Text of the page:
in Your great love, O God,
answer me with Your sure salvation.
or the depths swallow me up
or the pit close its mouth over me.
I love the story of Jesus walking on the stormy waters of the sea. That’s the first place my heart and imagination go when I read these verses in Psalm 69. In Matthew 14:22-32, we discover that this Jesus who has been walking around in Israel is so much more than just a man, or even a prophet. A man can have courage in the storm and can try to swim the sea, but only God Himself, the Maker of both storm and sea, can actually walk upon the tempestuous waters and command the wind and waves.
I really love Peter in this story too. I always feel like I can relate to Peter. He has such a zealous and sincere love for Jesus, but Peter always shows us the weak and messy parts of love, which gives me courage here in the middle of my own beautiful mess.
Back to Matthew 14… Jesus has just fed the 5000. He makes the disciples get in the boat to head to the other side while He went up to the mountain alone to be with the Father in prayer. “When evening came, He was there alone, but the boat by this time was a long way from the land, beaten by the waves, for the wind was against them. [The sea became rough because a strong wind was blowing - John 6] And in the fourth watch of the night He came to them, walking on the sea. But when the disciples saw Him walking on the sea, they were terrified, and said, “It is a ghost!” and they cried out in fear. But immediately Jesus spoke to them, saying, “Take heart; it is I. Do not be afraid.” And Peter answered him, “Lord, if it is You, command me to come to You on the water.” He said,“Come.” So Peter got out of the boat and walked on the water and came to Jesus.”
Peter just wanted to be with Jesus where He was. His desire outweighed his fears and doubts just long enough to ask, “Lord, if it is You, command me to come,” and long enough to actually stand up and take that first step out of the boat. One step and then another, across the tumultuous sea, closer and closer to the One he loved. He was the only one who dared to get out of that boat. I can’t help but think about how much that must have moved Jesus’ heart! That Peter dared to step out onto the waters just because he had to go to Jesus – no matter where He was, despite the risk, no matter the cost – just to be with Him… don’t you just wonder how that made Jesus feel?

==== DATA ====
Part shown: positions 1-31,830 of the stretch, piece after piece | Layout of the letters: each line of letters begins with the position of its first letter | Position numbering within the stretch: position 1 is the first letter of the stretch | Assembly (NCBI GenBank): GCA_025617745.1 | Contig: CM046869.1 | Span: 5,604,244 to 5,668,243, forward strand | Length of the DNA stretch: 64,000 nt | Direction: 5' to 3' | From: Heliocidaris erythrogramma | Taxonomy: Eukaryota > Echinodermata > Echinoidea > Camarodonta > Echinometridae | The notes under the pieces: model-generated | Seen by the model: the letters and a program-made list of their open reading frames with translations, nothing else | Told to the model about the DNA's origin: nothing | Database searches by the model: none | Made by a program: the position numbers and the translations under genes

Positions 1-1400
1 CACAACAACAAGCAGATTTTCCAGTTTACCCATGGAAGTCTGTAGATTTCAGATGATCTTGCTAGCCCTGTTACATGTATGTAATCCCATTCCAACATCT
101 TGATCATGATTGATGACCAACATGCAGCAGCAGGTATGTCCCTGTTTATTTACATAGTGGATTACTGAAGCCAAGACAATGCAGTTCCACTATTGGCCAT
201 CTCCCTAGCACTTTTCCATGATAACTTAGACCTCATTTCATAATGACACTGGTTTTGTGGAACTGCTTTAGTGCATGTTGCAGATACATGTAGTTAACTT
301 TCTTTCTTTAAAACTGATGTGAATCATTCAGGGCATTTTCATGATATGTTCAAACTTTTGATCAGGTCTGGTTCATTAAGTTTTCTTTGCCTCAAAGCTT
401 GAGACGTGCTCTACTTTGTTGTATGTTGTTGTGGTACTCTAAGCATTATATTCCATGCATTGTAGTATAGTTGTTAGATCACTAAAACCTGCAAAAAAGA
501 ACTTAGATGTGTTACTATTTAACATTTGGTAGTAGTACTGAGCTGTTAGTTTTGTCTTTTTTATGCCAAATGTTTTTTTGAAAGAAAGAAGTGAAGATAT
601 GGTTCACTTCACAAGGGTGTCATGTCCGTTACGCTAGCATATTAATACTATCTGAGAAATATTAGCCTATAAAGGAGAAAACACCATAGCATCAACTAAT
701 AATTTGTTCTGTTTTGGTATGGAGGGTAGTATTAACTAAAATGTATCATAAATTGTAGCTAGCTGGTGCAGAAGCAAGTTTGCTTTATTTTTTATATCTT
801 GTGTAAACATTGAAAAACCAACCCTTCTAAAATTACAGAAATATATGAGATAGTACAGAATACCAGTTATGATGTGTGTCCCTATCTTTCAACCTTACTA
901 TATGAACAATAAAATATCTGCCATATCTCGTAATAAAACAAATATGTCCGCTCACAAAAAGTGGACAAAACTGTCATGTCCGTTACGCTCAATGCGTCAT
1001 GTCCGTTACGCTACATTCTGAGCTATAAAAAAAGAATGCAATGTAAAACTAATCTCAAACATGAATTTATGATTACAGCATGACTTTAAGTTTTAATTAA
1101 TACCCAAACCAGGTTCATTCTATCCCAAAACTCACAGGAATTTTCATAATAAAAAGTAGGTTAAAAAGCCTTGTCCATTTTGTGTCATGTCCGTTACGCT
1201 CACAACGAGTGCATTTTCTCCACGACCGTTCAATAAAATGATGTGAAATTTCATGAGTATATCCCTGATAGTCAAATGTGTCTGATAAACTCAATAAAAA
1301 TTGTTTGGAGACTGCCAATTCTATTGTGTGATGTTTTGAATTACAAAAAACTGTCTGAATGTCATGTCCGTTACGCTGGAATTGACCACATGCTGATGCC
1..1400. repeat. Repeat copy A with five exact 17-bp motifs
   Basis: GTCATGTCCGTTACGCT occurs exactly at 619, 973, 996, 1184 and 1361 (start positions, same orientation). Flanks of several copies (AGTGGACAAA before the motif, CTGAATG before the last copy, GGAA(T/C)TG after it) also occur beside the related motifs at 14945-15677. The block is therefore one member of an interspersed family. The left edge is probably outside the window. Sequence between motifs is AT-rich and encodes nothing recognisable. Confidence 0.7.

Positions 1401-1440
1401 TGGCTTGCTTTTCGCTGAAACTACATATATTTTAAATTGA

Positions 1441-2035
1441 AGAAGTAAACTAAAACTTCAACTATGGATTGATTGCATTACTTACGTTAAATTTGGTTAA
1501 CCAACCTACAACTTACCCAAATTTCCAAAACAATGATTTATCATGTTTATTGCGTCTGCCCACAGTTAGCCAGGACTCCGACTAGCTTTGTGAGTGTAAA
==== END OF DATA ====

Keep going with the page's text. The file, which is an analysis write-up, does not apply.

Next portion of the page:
And then it happened. The winds blew. The waters roared. Peter’s eyes were set on Jesus one minute, and the next, he was under water with the wind and waves crashing overhead.
But when he saw the wind, he was afraid, and beginning to sink he cried out, “Lord, save me.” (vs 30)
This is the place I found myself this last week. There is so much going on in our lives right now. In my life, especially with health, it has been an incredibly difficult year and circumstances have only intensified in the last few months. But somehow, despite some intensely painful flares and many sleepless nights of late, I was staying afloat. Though I felt the growing darkness of the night, I had stepped out of the boat. My gaze was locked on Jesus and I was clinging to Him regardless (and because) of the storm growing all around me. And then out of nowhere, something came along and knocked me into the raging waters. It wasn’t even a big thing, not in the scheme of things, and certainly not compared to all of the other things we have been facing lately. In following the analogy with Matthew 14, it was really just a big gust of wind that took me by surprise. But it was just the right thing at just the right time (the perfect storm so to speak) to distract me and take me under. As soon as I hit the water, the reality of what had been going on all along hit me. All of my circumstances flooded over me and wave after overwhelming wave of “this is too much” crashed in upon me. It really did seem like I might drown then and there, and it also seemed like it was never going to end. But the truth is that it was only a moment of submersion in the roaring seas that test the soul… just long enough for Jesus to prove once again that He is ever faithful and that His love never fails.
I absolutely love the next verse: “Jesus immediately reached out His hand and took hold of him…” Immediately. Jesus didn’t let Peter sink. Just as soon as Peter fell under and cried out, Jesus responded.
He reached down from on high and took hold of me; He drew me out of deep waters. (Psalm 18:16)